Since Frontier Communications (NASDAQ:FTR) completed its deal to buy Verizon's wireline business in California, Texas, and Florida, the company has been in steady decline. Frontier spent $10.54 billion to add 3.3 million voice connections, 2.1 million broadband connections, and 1.2 million FiOS video subscribers, more than doubling its size.

Unfortunately, it made that big bet around the time cord-cutting was beginning to become a problem for cable companies. Frontier did gain over $1 billion in cost savings from the purchase, but it has steadily lost customers since the deal closed in December 2015.

A person points a remote at a TV.

Frontier has been losing pay-television customers. Image source: Getty Images.

What happened?

Frontier has been on a predictable path for over two years. It has lost customers every quarter -- then CEO Dan McCarthy made comments in the quarterly earnings release about how things are moving in the right direction. That's exactly what happened when the cable and internet company reported its first-quarter results.

"In the first quarter we achieved growth in consumer revenue, reflecting the early results of the substantial initiatives we have under way across the company," McCarthy said. "We are also extremely pleased with the continued improvement in subscriber trends in our California, Texas, and Florida markets, most notably that we have achieved our first quarter of positive FiOS broadband net additions."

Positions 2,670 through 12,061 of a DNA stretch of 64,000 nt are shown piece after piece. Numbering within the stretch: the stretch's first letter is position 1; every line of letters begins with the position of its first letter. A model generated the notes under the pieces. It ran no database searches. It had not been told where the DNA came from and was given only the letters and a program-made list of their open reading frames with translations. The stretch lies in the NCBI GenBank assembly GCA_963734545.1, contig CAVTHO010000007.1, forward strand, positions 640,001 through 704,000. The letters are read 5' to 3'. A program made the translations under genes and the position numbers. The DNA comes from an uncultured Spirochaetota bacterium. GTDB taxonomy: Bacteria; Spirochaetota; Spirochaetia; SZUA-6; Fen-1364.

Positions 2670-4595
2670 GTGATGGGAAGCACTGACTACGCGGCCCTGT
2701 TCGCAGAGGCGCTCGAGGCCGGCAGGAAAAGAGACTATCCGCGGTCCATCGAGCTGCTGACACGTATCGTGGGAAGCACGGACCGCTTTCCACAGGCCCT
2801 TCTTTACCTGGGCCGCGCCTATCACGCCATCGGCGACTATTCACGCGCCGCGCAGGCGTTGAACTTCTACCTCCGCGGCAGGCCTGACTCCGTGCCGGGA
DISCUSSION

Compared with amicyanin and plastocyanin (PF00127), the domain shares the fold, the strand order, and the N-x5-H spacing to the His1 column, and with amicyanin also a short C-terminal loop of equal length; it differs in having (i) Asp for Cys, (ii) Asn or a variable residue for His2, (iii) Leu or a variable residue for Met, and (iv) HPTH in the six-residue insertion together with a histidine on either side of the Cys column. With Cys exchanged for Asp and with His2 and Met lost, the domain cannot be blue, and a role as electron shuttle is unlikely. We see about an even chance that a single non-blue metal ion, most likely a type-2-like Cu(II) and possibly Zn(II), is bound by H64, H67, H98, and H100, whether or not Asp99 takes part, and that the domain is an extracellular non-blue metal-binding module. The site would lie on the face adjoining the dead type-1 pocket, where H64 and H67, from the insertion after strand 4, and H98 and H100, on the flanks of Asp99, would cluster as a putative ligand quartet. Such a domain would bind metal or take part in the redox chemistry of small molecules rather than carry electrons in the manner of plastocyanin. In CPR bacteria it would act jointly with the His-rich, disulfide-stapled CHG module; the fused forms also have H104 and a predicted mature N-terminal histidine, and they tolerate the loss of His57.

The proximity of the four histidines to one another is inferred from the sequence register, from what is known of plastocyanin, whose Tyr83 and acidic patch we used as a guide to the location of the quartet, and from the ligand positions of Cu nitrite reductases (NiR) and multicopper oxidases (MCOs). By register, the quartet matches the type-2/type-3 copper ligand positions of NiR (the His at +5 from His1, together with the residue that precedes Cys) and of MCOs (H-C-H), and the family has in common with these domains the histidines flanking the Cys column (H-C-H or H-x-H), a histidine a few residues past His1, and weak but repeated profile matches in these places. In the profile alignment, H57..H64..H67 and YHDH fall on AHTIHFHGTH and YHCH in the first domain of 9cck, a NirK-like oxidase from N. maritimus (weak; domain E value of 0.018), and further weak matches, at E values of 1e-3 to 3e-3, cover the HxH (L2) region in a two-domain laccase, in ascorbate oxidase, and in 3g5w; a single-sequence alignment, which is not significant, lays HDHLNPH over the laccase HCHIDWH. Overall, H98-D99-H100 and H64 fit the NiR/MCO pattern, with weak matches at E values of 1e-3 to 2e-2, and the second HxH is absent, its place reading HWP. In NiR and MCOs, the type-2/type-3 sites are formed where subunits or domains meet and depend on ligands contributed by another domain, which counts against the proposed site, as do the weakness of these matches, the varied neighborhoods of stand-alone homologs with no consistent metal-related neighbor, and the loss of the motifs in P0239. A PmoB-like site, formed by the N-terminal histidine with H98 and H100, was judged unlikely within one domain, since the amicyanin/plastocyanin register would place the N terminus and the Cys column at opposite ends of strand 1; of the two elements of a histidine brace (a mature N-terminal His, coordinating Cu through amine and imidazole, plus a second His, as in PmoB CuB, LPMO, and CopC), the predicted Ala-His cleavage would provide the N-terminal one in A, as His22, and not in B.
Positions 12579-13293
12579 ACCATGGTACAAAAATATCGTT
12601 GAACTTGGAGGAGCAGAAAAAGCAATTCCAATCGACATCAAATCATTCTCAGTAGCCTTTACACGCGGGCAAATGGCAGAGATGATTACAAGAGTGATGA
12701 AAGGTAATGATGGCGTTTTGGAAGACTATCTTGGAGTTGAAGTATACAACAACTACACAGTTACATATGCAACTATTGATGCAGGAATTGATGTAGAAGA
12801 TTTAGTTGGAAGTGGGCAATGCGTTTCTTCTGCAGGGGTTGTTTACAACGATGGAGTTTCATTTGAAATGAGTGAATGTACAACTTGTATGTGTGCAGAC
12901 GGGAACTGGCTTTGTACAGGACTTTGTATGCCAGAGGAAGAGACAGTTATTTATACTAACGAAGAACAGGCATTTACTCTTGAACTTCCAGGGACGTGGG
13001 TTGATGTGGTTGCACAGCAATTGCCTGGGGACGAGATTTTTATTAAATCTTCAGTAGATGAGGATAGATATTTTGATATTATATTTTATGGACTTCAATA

So what

Despite McCarthy's endlessly positive attitude, the company saw its customer base drop by 74,000 from Q4 to Q1 and 455,000 for the past 12 months. Yes, losses are slowing, but that's at least partly because the company has shed so many customers already.

Investors clearly are not believing the turnaround message. After closing 2017 at $6.76, shares fell to $5.36 at the end of June, a 20% drop, according to data provided by S&P Global Market Intelligence.

Now what

Frontier seems to have moved past the point where anything its CEO says matters. The company has done a good job managing its debt in order to keep the lights on. Some of the credit for that goes to R. Perley McBride, its CFO, who is leaving at the end of August.

To win back investor trust, Frontier needs to do more than just say things are getting better. It needs to show subscriber gains -- something the company has steadily not been able to do -- and there's really no reason to suggest that will change anytime soon.

Daniel B. Kline has no position in any of the stocks mentioned. The Motley Fool has no position in any of the stocks mentioned. The Motley Fool has a disclosure policy.